ISLAMABAD: The United States’ plan to maintain a military presence in Afghanistan beyond the stipulated 2014 deadline does not seem to be sitting too well with Pakistan, as Islamabad has begun secret diplomatic manoeuvres to forge a consensus among regional states to thwart American ambitions, The Express Tribune has learnt.
Pakistan has stepped up efforts to take China, Iran, Russia and other neighbours of the war-torn country on board to “convince or force” the US to abandon the region by 2014.
Back-to-back trips by top Pakistani political and military leaders in recent months were all part of Islamabad’s diplomacy to seek support from countries bordering Afghanistan, sources revealed.
Prime Minister Yousaf Raza Gilani has just returned from Iran. President Asif Ali Zardari visited Iran, Afghanistan, Saudi Arabia, China and Tajikistan over the past two months. Similarly, Chief of General Staff of the Pakistan Army Lt Gen Waheed Arshad was also in Beijing for a week two months ago, with officials in Islamabad saying his visit was “part of the security establishment’s manoeuvres to get China on its side”.
There was a consensus, by and large, among all regional states including China and Iran that any solution in Afghanistan should envisage a complete US drawdown from the war-hit nation, officials familiar with these developments said. “Discussions in Beijing, Moscow, Tehran and Islamabad right now are focusing on how these regional players should take a lead role in the transition in Afghanistan,” a foreign ministry official said.
Iran is ready to accept a Taliban comeback into the Kabul administration, but wants to restrict their presence to the southeast of the country. China too considered them a “lesser evil” compared to US presence in their “backyard”, diplomatic authorities revealed.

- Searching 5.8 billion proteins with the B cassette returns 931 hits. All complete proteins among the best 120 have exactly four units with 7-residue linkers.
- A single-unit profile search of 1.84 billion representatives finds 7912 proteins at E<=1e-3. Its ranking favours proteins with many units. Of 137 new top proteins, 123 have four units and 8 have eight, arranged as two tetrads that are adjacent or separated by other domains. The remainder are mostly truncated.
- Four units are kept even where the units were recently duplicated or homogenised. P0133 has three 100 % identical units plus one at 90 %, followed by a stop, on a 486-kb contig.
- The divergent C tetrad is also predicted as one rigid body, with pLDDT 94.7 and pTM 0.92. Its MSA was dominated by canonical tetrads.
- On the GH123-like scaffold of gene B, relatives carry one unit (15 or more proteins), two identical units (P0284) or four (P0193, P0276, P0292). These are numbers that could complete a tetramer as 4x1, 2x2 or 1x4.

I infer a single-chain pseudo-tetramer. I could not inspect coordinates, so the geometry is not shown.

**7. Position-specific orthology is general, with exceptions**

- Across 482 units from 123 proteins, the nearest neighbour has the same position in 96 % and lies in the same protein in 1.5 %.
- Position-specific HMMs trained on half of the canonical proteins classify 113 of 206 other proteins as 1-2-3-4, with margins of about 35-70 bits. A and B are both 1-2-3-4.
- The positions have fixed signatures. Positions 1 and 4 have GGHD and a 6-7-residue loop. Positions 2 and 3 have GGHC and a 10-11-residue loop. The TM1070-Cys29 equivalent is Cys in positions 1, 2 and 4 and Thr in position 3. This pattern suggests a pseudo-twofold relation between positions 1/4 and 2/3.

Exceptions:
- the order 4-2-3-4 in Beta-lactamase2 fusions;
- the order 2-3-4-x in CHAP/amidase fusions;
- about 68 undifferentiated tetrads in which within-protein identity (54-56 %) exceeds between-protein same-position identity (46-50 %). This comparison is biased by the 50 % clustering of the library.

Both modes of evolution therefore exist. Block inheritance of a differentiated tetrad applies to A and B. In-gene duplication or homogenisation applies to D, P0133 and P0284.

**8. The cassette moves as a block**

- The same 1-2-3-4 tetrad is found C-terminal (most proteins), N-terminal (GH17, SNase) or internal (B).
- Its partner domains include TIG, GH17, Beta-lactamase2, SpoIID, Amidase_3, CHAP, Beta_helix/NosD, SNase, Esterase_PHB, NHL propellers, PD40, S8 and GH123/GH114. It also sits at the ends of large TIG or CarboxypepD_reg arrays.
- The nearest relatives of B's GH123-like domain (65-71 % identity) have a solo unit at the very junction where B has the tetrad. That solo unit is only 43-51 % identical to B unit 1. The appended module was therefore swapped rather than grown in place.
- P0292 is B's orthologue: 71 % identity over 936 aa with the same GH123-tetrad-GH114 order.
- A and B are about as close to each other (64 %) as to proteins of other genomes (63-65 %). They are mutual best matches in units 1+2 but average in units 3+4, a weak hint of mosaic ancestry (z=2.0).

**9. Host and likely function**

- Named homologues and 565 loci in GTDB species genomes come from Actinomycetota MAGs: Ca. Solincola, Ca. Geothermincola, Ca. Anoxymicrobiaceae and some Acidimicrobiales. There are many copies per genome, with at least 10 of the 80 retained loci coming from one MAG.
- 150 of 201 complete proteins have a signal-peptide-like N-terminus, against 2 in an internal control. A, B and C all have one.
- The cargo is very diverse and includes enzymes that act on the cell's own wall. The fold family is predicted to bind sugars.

However, in March, US Deputy Undersecretary of Defence Michele Flournoy said in a Congressional testimony that “Washington would continue to carry out counter-terrorism operations” from “joint-bases” in Afghanistan “well beyond 2014”.
The statements are being interpreted by security experts in Islamabad as “a declaration of war” against Pakistan because the Obama administration has time and again said that al Qaeda is now operating from the country’s tribal badlands.
(Read: War on terrorism - ‘US does not intend to leave Afghanistan’)
Flournoy’s revelation meant the Obama administration intended to maintain a long-term troop-presence in Afghanistan regardless of negotiations with the Taliban.
Iran was the first country to oppose the US’ plan within a week. A top official at the Iranian foreign ministry told the media that the proposed Strategic Partnership Declaration (SPD) between the US and Afghanistan, focused on the implications of a long-term US presence in Kabul, was “unacceptable” as it “posed a threat to the security of the entire region”.
An SPD guaranteeing long-term US presence and establishment of military bases constitutes a threat to regional security, said Mohsen Pakaein, head of the Iranian foreign ministry’s headquarters for Afghanistan.
Afghans want US troops to stay on
“Most Afghans want a binding security pact with the US that will keep American troops in Afghanistan indefinitely, said an advisor to Afghan President Hamid Karzai.
Negotiations for such a pact have been lagging in part because “some in the Afghan government are trying to sabotage it”, Taj Ayubi, minister-counselor to Karzai told AFP.
Mum’s the word
The prime minister’s spokesperson, Akram Shaheedi, confirmed that Afghanistan came up for discussion but refused to divulge any information when asked if Pakistan was opposed to the US prolonging its presence in Afghanistan. “I can neither confirm nor deny this,” he said.
(Read: Afghanistan — as the withdrawal gets underway)
“Well, it is a difficult question to answer... only the Foreign Office can explain Islamabad’s official stance on it,” he added.
The Foreign Office, meanwhile, was not willing to offer direct comments on the matter. Foreign Ministry spokesperson Tehmina Janjua simply said, “Our policy, our stated position on Afghanistan is that any settlement in the war-torn country has to be Afghan-led, and all stakeholders must be kept on board.”
Asked whether Islamabad too, supported a strategic pact between Washington and Kabul, she added: “I don’t want to comment on anything specific.”
Pakistan understands that regional countries could be in a better position to decide how to fight terrorism than “those sitting thousands of miles away”, said Farhatullah Babar President Zardari’s spokesperson.
Afghanistan was part of President Zardari’s meetings with the Iran and Saudi Arabia leaderships, he confirmed.
Published in The Express Tribune, September 15th, 2011.
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